Network operators responding well to severe weather
Electricity distribution network operators are responding well to the severe weather - with both SSEN and Northern Powergrid working to keep the power on.
1st March 2018 by Networks
SSEN remains on Yellow Alert for its north of Scotland region. This is due to forecasted levels of snow accumulation, potential for ‘line icing’ and risk of lightning.
Looking ahead, SSEN has moved to Yellow Alert for its central southern England region, where wind gusts of up to 45mph and significant snowfall is forecast.
In a statement, SSEN said: “SSEN would like to reassure its customers it is well prepared and resourced to respond promptly to any damage to its network, where it is safe to do so. It has also activated its well-established resilience plans and is in regular contact with local resilience partners. This includes liaison with local authority emergency planning officers to provide a coordinated response to assist any impacted communities and provide reciprocal support to alleviate any access issues.
The company has around 2,000 frontline and support staff available across the regions to assist efforts and respond promptly to damage.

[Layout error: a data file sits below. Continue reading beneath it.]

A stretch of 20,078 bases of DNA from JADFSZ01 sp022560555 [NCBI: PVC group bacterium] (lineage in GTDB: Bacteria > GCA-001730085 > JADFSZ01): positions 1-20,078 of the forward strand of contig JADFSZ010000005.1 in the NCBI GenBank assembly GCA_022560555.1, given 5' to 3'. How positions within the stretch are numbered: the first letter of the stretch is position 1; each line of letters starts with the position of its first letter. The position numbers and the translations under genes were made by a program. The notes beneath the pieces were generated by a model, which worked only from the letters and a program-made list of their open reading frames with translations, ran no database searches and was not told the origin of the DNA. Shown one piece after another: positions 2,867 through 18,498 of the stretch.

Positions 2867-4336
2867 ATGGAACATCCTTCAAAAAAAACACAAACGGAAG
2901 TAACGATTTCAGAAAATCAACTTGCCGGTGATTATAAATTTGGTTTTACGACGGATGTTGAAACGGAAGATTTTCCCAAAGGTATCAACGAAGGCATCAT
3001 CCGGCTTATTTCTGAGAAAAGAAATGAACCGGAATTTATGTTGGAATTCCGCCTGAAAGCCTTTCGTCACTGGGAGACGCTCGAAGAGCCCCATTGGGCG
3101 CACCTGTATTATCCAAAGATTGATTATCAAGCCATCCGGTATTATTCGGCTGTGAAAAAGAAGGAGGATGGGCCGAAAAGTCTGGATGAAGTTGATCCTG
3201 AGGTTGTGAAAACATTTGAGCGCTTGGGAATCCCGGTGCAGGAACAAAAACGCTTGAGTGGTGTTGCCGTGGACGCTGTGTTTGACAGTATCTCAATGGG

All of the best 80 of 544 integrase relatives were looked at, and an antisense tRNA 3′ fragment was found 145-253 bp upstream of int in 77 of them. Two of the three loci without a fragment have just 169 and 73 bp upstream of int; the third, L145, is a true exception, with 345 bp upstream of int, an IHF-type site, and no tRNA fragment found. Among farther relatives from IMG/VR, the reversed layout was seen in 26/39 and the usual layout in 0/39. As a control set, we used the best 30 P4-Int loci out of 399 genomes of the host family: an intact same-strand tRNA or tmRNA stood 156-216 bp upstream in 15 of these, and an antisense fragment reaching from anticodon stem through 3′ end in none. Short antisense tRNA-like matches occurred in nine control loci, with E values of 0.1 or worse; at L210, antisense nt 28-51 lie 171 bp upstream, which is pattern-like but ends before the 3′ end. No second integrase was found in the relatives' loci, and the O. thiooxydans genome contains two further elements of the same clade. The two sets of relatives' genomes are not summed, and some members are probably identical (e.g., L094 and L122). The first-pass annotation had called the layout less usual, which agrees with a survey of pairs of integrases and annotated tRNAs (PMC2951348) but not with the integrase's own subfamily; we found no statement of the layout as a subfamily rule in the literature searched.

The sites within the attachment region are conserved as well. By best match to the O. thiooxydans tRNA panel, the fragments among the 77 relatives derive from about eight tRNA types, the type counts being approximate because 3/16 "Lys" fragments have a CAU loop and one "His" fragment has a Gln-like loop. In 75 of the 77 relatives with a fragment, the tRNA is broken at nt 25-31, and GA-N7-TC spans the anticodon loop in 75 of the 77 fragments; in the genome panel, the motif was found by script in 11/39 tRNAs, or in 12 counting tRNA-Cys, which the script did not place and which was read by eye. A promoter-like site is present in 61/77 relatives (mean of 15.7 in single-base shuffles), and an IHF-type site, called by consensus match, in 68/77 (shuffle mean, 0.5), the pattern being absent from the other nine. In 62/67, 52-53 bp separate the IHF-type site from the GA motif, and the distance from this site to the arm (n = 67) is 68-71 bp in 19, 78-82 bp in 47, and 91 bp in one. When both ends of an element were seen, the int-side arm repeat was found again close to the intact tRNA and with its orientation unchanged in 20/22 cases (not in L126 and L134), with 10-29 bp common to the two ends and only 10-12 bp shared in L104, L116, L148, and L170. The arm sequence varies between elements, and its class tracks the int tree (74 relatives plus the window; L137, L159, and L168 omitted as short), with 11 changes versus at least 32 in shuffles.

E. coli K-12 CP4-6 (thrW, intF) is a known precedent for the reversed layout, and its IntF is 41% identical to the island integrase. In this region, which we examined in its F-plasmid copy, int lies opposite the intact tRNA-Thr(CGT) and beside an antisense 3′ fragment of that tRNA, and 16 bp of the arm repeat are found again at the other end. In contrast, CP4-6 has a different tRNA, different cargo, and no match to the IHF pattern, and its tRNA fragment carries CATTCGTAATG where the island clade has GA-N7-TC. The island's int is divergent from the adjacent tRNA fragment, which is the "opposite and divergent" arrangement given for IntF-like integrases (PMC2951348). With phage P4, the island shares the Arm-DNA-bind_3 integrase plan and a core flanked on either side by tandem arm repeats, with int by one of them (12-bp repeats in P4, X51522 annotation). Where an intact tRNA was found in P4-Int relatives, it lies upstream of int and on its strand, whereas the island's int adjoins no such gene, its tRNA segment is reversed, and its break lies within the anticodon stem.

Northern Powergrid, the company responsible for the network that delivers electricity to 3.9 million homes and businesses across the North East, Yorkshire and northern Lincolnshire, is using specialist resources to help keep its network operating effectively.
Rod Gardner, head of network operations at Northern Powergrid, said: “Across our network fault numbers are similar to those we’d see on a normal day which shows our network is currently performing well, despite the weather conditions. Where our customers have had a power cut our teams were ready to respond, accessing sites in challenging conditions and working to restore electricity supplies as soon as possible.
“Travel and access remains challenging but we’re doing everything we can to be there for our customers. Our fleet of 4x4s and specialist access vehicles continue to play an essential role – both in terms of getting to faults to carry repairs, wherever we can, and safely transporting our people to and from work to carry out essential roles.”
Through the use of 4x4s and specialist access vehicles, teams from across the business have been able to mobilise and carry out work on the region’s electricity network restoring power as soon as possible for any customers affected by a power cut.
The company has a helicopter available that is being deployed, weather dependant, to monitor the network and locate faults, allowing staff on the ground to commence any required repair work faster.
The electricity distribution company manages a network of 63,000 substations and more than 60,000 miles of overhead power lines and underground cables.
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